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Mic Splitter box, any recommendations

Mic Splitter box, any recommendations? I want it for comparing various preamps . Would this work: pro/ cons?

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The Pro Co Sound MS3 3-Way Microphone Splitter Box is a portable utility used to split the low impedance signal of a microphone into 3 outputs. The result allows 3 microphone preamplifiers or mixer channels to be fed from one source. The MS3 features a single XLR female input, a single XLR male direct output, and 2 XLR male isolated outputs. The isolated outputs feature a ground lift switch which eliminates hum and electrostatic noise. Transformerless components feature additional electrostatic shielding for even further protection against noise.

Ground Lift Switch
The MS-3 features 2 isolated outputs with a ground lift switch that eliminate noise, plus a single direct output
Transformer Isolation
Transformer isolated circuitry eliminates hum and noise due to ground and radio frequency interference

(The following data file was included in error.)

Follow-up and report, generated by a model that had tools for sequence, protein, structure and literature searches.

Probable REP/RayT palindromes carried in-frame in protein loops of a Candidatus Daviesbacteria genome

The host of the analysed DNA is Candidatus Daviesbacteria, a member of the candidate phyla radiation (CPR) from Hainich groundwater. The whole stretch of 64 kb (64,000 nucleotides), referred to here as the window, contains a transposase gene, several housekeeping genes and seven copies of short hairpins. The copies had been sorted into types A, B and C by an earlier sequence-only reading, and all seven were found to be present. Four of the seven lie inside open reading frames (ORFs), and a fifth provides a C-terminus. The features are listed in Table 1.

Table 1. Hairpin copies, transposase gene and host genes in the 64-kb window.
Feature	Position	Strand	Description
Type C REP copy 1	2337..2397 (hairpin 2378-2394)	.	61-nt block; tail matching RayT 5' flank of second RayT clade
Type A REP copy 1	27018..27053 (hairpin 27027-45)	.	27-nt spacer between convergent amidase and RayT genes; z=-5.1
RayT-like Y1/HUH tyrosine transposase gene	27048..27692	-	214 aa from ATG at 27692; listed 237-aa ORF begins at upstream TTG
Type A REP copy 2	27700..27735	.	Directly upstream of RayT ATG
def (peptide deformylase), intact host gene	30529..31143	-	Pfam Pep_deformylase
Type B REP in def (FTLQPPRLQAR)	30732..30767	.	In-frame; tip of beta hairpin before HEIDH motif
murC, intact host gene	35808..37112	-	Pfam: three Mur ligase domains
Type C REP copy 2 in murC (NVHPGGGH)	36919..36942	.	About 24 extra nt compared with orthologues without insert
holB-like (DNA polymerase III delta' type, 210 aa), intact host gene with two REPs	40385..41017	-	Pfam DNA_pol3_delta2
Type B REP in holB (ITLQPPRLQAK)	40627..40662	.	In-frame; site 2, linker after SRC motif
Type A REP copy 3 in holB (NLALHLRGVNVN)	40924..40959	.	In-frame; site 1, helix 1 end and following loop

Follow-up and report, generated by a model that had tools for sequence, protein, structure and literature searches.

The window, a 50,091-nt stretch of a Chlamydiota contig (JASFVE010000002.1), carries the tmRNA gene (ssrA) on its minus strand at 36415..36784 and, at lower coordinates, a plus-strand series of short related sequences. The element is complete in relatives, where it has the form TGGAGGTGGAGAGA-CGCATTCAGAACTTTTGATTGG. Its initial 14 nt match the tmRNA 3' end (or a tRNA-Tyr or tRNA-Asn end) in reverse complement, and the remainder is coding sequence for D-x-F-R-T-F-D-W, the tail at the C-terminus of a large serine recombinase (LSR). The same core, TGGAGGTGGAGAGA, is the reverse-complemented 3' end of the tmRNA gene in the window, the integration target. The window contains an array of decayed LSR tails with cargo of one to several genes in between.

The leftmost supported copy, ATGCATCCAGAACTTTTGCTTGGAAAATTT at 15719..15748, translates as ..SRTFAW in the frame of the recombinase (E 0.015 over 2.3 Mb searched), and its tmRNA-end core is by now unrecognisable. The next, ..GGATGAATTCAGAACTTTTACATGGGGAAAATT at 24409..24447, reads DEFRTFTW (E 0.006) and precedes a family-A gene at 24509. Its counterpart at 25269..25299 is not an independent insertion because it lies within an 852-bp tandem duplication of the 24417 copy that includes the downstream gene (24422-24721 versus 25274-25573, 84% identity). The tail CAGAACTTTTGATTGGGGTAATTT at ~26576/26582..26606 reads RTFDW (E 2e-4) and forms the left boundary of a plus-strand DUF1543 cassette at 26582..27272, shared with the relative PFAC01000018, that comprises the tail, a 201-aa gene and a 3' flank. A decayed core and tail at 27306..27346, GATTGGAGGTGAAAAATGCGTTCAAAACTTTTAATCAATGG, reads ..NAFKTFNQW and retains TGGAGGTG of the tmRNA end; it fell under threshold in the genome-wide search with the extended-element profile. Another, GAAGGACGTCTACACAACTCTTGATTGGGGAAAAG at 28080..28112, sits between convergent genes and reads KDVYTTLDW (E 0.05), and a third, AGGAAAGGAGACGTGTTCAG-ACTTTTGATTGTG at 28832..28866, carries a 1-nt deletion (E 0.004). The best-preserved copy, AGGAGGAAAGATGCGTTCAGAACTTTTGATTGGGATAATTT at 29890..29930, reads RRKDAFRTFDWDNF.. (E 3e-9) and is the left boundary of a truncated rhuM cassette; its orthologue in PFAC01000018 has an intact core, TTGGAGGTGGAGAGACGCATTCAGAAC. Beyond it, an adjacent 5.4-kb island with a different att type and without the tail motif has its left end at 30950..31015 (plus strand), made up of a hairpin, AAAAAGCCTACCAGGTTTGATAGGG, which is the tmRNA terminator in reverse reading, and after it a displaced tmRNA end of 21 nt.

Comments

audiokid Thu, 12/25/2014 - 10:11
Thanks Kurt, that's what I'm looking for!! but won't the Jensen get in the way for critical comparisons?


JS2/JS3™ Passive Microphone Splitter
Part no. R800 1022 ~ JS2 single isolated output Part no. R800 1023 ~ JS3 dual isolated outputs
  • Jensen transformer-equipped for optimal signal transfer
  • Choice of 2-way or 3-way designs for extra flexibility
  • Compact design , up to 8 may be rack mounted in J-Rak
  • Ultra rugged 14-gauge steel construction for added durability
class="xf-ul"> The Radial JS2 and JS3 are high performance balanced mic level splitters that let you split a signal and feed multiple destinations at the same time. Typical applications include splitting a signal in the studio to feed more than one preamp, feeding a stage mic to more than one mixing console, or even splitting the signal to a live PA during a broadcast event.

Two units are offered: The JS2 is equipped with one isolated output while the JS3 has two. The engine inside both units is a premium Jensen transformer. It features a nickel laminated core for exceptionally low harmonic distortion without the usual phase shift and limited bandwidth typically introduced by lesser designs. The JS2 and JS3 deliver better than 90dB of noise rejection, eliminating troublesome noise caused by stray DC voltage and hum & buzz caused by ground loops. The signal path is 100% discrete and incorporates RF filtering for even greater noise suppression. These 'problem-solvers' offer a simple yet highly effective interface for microphones or direct boxes, and by engaging the built-in -30dB pad, consumer and line level devices may also be connected without distortion or fear of overload due to saturation.